Basin-and-Towel Kind of Servanthood

We are rightly in awe of Jesus, who shockingly ignores cultural convention by picking up a basin and towel and washing his disciples’ dirty, stinky feet. Yet we tend to forget that Jesus had been modeling a basin-and-towel kind of servanthood in a carpentry shop for years. Jesus’s humble service in the workplace was the training ground for that glorious display of servanthood in an upper room in Jerusalem.

Working with his hands day in and day out in a carpentry shop was not below Jesus. Jesus did not see his carpentry work as mundane or meaningless, for it was the work his Father had called him to do. I have a good hunch that Jesus was a top-notch carpenter and did top-notch work. Even before Jesus entered his itinerant rabbinical ministry, Matthew reminds his readers of the Father’s good pleasure in his Son. Following Jesus’s baptism, the Spirit of God descended as a dove, and a voice out of heaven declared, “This is my beloved Son, with whom I am well pleased” (Matt. 3:17). I am sure there were many things that made the Father well pleased, but one important aspect of Jesus’s well-pleasing life that we must not overlook was his work as a carpenter.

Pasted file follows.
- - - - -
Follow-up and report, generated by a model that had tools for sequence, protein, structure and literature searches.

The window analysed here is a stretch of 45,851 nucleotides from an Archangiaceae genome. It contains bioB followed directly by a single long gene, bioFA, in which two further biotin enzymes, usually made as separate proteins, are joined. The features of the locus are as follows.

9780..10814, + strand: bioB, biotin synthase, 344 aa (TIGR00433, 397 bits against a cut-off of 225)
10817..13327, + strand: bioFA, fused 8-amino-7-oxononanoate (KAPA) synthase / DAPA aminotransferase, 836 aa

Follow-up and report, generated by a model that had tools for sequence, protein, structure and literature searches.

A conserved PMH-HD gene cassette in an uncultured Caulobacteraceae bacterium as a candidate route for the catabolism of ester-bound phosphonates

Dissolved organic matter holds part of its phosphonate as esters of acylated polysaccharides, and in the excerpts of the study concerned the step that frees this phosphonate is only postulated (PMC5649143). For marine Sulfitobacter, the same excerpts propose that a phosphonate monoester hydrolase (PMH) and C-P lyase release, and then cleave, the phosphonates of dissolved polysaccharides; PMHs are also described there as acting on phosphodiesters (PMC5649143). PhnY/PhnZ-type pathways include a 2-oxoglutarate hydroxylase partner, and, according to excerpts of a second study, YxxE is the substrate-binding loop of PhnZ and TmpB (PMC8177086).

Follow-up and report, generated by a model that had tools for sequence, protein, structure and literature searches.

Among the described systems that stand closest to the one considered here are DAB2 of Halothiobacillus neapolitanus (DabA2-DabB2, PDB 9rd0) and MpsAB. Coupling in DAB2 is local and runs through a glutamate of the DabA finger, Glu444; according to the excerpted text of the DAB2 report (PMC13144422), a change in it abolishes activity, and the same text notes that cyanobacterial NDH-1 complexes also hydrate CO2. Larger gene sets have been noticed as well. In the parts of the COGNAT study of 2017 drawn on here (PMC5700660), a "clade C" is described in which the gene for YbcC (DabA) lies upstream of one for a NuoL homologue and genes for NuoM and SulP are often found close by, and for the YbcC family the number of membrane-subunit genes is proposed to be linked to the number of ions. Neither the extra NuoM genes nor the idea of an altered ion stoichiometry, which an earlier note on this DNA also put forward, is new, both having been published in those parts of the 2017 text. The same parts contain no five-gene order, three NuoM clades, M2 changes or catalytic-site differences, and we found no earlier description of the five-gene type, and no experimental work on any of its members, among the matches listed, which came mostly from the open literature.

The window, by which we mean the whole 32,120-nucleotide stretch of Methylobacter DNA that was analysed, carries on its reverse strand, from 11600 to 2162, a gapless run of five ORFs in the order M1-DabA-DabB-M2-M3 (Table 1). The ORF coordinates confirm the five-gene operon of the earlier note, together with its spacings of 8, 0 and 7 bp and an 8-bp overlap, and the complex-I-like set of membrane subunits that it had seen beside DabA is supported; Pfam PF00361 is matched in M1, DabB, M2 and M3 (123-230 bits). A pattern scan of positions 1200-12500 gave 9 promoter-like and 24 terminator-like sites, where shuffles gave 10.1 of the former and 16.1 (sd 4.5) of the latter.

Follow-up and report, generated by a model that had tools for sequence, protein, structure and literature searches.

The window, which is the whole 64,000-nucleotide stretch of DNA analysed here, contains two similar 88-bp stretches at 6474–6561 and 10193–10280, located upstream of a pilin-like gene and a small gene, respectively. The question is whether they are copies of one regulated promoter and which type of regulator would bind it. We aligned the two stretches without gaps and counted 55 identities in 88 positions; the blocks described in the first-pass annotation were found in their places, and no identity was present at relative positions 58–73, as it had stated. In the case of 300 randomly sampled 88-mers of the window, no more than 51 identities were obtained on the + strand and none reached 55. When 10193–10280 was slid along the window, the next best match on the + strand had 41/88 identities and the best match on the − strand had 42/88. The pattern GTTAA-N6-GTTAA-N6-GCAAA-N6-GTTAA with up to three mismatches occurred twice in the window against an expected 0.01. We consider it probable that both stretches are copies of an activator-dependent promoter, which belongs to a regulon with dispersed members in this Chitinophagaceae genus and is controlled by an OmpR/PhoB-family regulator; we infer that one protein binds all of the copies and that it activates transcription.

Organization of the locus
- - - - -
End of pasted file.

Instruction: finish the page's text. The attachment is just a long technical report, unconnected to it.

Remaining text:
This excerpt is adapted from Work Matters: Connecting Sunday Worship to Monday Work by Tom Nelson. Copyright © 2011. Used by permission of Crossway, a publishing ministry of Good News Publishers, Wheaton, IL 60187, http://www.crossway.org.

Editors' note: TBT (Throwback Thursday) with Every Square Inch: Reading the Classics is a weekly column that publishes some of the best writings on vocation from the past. Our hope is to introduce you to thoughtful literature that you may not have yet discovered and, as always, to encourage you to know and love Christ more in all spheres of your life.